| 24.11,16. 11:24 AM |
Independence Day speech by Mr. Giscard El Khoury, Charge d’Affaires of Lebanon in Australia, delivered in Canberra, at Albert Hall, on 22/11/2016 at 18:30.
Ladies and Gentlemen.
This year’s Independence Day has a special meaning with the election of the President of Lebanon, President Michel Aoun, after almost two and half years of presidential vacuum that threatened to drift the country into irreversible damage. Also promising is the selection of Prime Minister Mr. Saad Hariri to form the new cabinet. With this new political environment, there is much hope and much promise to catch up with the lost time, to make up for those many missing opportunities, and to face up to those many challenges.
These challenges are enormous for my country to cope with alone. Not least of which are the 2 million displaced and refugees that we temporarily host when our population is only 4 million. An estimated 6% of our GDP goes to pay the bill of hosting them year on year. Just do the math in the case your countries had to cope with a similar number and had to pay a similar rate.
The strains on every sector of our economy, and the accompanying threat to our social fabric, are intolerable. Lebanon expects the international community to provide the necessary support, and to do more. We expect them to find a solution that envisages the return of these refugees and displaced to their home countries, and that recognizes that their stay in Lebanon is only temporary.
Here we extend our thanks to Australia for her expressed commitment to support Lebanon, and also her commitment to the security of Lebanon. I wish to equally thank the many officials from various Departments with whom I had the honour to work. They were all very courteous, very professional, and very eager for bilateral cooperation.
As a Lebanese diplomat here, I take a great pride that the Lebanese community is recognised as having had a part in the making of Australia of today. The early migrant arrived in the 1870s. In the First World War, my fellow Lebanese, in then Mount Lebanon and in Australia, joined the Australian Army, and fought side by side in defence of freedom. An estimated four hundred Lebanese were martyred. They were the “Lebanese Anzacs”, many of whose names are engraved on the walls of honour at the War Memorial in Canberra. From here, I stand in salute of all Anzacs, and in remembrance of their ultimate sacrifice. I do that “lest we forget”.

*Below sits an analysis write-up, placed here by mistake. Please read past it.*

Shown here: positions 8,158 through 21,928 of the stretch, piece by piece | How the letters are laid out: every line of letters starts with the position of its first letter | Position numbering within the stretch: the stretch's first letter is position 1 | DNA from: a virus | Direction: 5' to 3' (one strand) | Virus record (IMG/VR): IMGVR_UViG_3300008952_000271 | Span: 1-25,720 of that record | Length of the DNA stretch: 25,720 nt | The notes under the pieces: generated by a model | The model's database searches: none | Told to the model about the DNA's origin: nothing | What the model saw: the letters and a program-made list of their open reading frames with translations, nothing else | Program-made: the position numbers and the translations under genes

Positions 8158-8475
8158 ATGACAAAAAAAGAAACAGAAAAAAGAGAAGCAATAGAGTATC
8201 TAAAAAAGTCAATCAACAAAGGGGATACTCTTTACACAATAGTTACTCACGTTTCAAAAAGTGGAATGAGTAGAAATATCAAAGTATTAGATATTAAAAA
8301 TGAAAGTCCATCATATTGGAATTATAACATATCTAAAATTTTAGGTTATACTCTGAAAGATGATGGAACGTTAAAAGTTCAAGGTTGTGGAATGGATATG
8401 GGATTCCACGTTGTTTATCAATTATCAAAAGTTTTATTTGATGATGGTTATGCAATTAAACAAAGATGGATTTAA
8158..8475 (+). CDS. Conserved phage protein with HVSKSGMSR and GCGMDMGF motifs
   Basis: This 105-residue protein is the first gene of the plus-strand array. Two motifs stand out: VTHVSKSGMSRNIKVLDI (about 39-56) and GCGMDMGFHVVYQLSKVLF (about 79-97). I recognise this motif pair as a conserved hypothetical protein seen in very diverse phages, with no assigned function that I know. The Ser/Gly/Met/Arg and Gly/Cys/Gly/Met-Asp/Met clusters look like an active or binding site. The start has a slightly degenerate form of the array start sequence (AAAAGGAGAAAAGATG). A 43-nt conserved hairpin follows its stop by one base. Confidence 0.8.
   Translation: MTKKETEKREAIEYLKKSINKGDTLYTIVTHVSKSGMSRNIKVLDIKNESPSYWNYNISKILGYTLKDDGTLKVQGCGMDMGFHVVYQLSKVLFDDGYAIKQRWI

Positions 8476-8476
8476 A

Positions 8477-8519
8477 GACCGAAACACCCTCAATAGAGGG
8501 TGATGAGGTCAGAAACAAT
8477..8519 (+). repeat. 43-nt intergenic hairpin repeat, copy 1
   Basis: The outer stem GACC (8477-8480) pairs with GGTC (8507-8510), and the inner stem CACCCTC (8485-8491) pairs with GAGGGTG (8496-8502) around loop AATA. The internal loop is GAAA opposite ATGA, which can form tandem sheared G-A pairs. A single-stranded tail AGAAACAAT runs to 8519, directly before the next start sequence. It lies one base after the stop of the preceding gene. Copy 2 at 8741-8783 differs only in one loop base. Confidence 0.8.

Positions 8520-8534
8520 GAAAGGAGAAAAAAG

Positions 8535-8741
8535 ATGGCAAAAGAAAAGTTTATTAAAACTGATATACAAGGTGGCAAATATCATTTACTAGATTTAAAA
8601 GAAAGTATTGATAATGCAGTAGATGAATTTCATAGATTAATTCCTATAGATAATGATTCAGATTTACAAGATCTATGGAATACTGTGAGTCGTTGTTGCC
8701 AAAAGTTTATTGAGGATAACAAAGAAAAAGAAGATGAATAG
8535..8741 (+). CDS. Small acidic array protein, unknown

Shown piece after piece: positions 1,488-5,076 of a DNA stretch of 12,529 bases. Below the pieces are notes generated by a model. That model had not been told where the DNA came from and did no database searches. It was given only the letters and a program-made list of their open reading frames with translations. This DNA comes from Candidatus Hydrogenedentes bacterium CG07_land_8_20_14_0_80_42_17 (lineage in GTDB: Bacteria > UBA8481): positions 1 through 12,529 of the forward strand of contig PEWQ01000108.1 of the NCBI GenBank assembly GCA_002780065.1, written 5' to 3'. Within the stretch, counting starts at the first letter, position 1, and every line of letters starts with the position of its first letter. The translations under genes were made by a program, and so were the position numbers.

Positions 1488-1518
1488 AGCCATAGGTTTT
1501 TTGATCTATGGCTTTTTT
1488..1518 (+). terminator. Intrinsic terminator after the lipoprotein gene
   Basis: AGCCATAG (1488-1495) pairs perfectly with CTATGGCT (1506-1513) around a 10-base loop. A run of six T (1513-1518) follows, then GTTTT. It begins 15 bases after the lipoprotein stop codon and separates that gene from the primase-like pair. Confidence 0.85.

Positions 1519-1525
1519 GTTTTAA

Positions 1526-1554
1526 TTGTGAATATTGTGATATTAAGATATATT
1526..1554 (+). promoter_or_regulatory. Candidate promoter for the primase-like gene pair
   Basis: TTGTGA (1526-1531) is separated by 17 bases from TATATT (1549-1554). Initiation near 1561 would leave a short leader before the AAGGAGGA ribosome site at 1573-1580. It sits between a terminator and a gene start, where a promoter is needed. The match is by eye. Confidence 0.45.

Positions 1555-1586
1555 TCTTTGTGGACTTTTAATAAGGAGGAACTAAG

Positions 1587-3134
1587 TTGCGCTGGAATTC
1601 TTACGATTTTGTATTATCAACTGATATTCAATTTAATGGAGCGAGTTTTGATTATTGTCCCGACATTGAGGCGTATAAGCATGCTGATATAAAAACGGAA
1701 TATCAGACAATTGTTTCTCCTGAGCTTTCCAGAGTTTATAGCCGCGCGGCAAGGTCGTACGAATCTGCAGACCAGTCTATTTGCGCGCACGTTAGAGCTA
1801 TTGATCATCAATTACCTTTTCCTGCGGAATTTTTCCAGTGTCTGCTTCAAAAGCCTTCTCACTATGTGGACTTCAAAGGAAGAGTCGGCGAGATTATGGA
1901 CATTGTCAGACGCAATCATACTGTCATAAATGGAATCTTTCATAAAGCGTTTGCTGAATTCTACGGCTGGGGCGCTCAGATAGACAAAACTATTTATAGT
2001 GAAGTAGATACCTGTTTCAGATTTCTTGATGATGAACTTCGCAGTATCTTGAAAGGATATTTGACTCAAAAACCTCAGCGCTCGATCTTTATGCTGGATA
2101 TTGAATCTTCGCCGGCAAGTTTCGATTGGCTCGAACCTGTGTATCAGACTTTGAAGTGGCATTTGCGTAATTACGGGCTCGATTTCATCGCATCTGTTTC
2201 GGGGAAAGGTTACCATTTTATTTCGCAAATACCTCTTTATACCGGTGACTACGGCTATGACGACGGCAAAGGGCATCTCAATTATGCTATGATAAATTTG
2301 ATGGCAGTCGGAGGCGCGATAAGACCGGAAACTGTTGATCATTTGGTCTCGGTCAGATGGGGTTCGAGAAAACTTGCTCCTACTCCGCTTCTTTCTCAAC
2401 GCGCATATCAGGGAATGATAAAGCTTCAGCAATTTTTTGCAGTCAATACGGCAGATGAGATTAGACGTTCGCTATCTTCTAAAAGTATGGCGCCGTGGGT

Lebanon – Australia relations are strong, and our countries have lot in common. Not only the spirit of “mateship” that we had established 140 years ago, but also because, as nations, we share the same values and ideals that we live by and die for:
We both uphold the same respect for political and personal liberties.
We subscribe to the same market system, economic freedoms and free initiative.
We adhere to the same values of cultural diversity and multiculturalism. In fact that is a distinction we, Lebanon, pride ourselves of among the nations. Lebanon’s cultural diversity values are not dissimilar to the Australian values.
We both have provided generously throughout history a refuge for all persecuted minorities to come to us and live in peace befitting their dignity.
We both have the same enemy, and face the same threats in the form of terrorism which in the words of President Aoun “we shall counter it by adopting pre-emptive, deterring, and defensive measures until we defeat it”. Here I might add that our Lebanese army is at the forefront of battling terrorism. We fight it not with the sophisticated weapons that we don’t have, but with our sheer will, and with our innocent blood that eventually will wash away it every trace. Another salute to our Lebanese Army, and to its many martyrs.
But above all, and in the basis of all, what we have most in common are our people. Australians with Lebanese heritage and Lebanese with Australian links, upon whose shoulders lies the great honor of bringing our countries closer together ever more.
To my Lebanese people in Australia: You have called Australia Home, and truly so, Australia is Home. As to the motherland, there are legitimate expectations that the current political momentum in Lebanon would initiate a long arduous journey to success and to attain the appropriate and the rightful place we envision for ourselves among the nations. A place from where we positively engage with every nation, and from where we constructively contribute to every nation. The lessons of our history, with its bright spots and disadvantages, are with us, and the picture of a bright future is before us. So, together we can make it and, like a phoenix bird rising from the ashes, we will make it.
Ladies and gentlemen,
God Bless Australia
God Bless Lebanon.